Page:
As an example, I remember when my older sister got her first “impressive” car stereo back in the day, and the album that was used by her and her friends as the absolute car stereo reference was Introspective. Not only was it electronic synthpop, it was both dance and orchestral.
Speaking of Introspective, it was an album that was just so different in a variety of ways in relation to how albums were “supposed” to be… for starters, it was only six songs. Was it an especially long EP, or an album? And everything was cut at radio-unfriendly lengths (the shortest being 6:15 and the longest being 9:24).
But Pet Shop Boys never seemed interested about doing things standard. They seem to be authentic “artists”, in the traditional sense of the word, and looking at their music catalog, nothing strikes me as a compromise nor cash in. And with them, it’s never just about the music, but the look, in its many forms (album covers and artwork, videos, live shows, wardrobe, etc.).
At the heart of it though, the music has to work. And Pet Shop Boys is one of those rare groups that inherently understands pop music, and can come up with those catchy, hooky, songs that you immediately love and want to play and hear over and over, and it never gets stale. They are also grounded enough to tackle songs written and performed by others, coming up with legendary takes on the works of others with their amazing cover songs.
The genesis of this tour is their new studio album, Electric, which was released on July 15th. Their world tour kicked off in May, and is coming to an end shortly.
This was their first set of shows in the U.S. in more than four years, so it seemed to be a quick and easy sell out in most cities, and, in fact, some extra nights were subsequently added in certain cities.
Ordinarily, I would have caught this show in Oakland, but had already booked a trip to Las Vegas to cover the Depeche Mode concert there Sunday night, so I thought I would drop down to San Diego between that show and the Book of Love show back in NorCal tonight.
This was my first show at Copley Symphony Hall, and I came away quite impressed. It appears to be designed for more orchestral types of events, which is wonderful for pop and rock concerts, as the sound tends to be superior to what you might hear in the typical sort of venue.
Since I purchased the special package through the band, that included a meet and greet with Chris Lowe and Neil Tennant.
I have participated in my share of meet and greet opportunities with artists, and this one was quite different (in a great way).
They gave us a pre-show shot at the merch table, which had a lot of cool swag (apologies – slipped my mind about taking a photo).
We were all waiting in a line, and a gentleman with the band began to bring us in… but not altogether, but however we chose to do it. If a couple or friend wanted to go together, they could. If someone wanted to go solo, that was welcome too. I was by myself, so elected to do the latter.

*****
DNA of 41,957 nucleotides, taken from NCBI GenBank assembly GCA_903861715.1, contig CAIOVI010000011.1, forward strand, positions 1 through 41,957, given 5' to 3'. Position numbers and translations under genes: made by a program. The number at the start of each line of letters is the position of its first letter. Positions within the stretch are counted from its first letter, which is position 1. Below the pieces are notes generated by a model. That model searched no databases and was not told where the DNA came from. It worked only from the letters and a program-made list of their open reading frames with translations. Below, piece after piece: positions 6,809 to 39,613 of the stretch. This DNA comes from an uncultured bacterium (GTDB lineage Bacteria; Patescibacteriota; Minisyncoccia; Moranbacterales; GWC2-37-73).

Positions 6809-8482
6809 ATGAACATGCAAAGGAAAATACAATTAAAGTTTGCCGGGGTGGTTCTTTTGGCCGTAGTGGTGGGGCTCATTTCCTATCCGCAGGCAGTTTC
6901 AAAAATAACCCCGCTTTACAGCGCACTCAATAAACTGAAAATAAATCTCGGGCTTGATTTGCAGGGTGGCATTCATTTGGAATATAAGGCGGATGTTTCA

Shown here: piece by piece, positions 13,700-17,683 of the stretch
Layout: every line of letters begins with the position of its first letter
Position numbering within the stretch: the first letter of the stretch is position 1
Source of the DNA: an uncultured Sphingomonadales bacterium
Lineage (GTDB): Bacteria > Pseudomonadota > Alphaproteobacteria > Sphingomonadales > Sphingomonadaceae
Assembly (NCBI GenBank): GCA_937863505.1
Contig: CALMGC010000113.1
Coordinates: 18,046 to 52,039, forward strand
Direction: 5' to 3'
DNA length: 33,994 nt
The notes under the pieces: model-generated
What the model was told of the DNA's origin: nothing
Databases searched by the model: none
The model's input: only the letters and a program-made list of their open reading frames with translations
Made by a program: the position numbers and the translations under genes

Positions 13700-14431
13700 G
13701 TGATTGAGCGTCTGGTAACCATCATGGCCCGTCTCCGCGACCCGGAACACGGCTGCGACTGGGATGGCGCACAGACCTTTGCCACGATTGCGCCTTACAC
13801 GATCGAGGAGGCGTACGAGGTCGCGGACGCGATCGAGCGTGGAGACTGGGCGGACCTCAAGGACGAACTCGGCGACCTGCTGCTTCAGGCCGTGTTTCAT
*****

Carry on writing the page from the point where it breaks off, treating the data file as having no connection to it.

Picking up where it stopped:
The gentleman opened the door into the main theater and gestured for me to come in. I was expecting to walk down to the stage or something, but as I passed through the door, out of the corner of my eye… what? Right there. Just a few feet away, Neil and Chris just standing there waiting. I’m sure they enjoyed seeing the reactions on the faces of their fans (mine included!).
There is always that risk that you could meet an idol from childhood and come away disappointed, but that certainly was not the case here. The pair could not have been more friendly and welcoming. They signed my laminate and program, and took a minute or two to chat with me. Maybe I could have thought of something more brilliant or flattering to say, but I was probably a bit ‘deer in the headlights’.
An unforgettable experience for me, to say the least, as their music is an important part of my youth growing up, and thus influenced my life in many other ways as well… maybe it shifted my path in life a bit – where I went, and where I am today.
Obviously, I hold them in very high regard as artists, so it was a real honor to meet them briefly to at least have a chance to thank them for that, though I probably was not as articulate as I could have been, given the circumstances.
As an aside, the official program is fantastic. Beautiful photography and design.
Once that was done, there was some time to wait for the show (arrived at 5:00 for 7:00 doors and 8:30 show).
I spent some time before and after the meet and greet, and I think I found maybe the world’s biggest Pet Shop Boys fans (Petheads unknown to each other prior to last night). Of course, I had to ask if I could take a photo, to declare them (for the purpose of October 8th, 2013) the World’s Biggest Pet Shop Boys fans, Reuben and Andy:
There was a bit of a mix up with my ticket, and I was approved to shoot with my pro cameras from front of house, so I was waiting in the venue lobby, and chatting with another fan, when a woman came up to me and asked us if we’d like to meet the man who wrote the song, “Go West”, Victor Willis.
I’m a huge fan of Village People, so I couldn’t believe my fortune. Mr. Willis is her husband, and she took a photo of us with a few other fans, and she was kind enough to take a photo of him and me with my iPhone:
Victor Willis was the lead singer for Village People and wrote “YMCA”, “Macho Man”, “In the Navy”, “Go West”, and others. What an unexpected thrill!
At that point, the concert hadn’t even started, and I’d already met three music icons. On top of all that, I also ran into the legendary Richard Blade, so it was just one thing after another.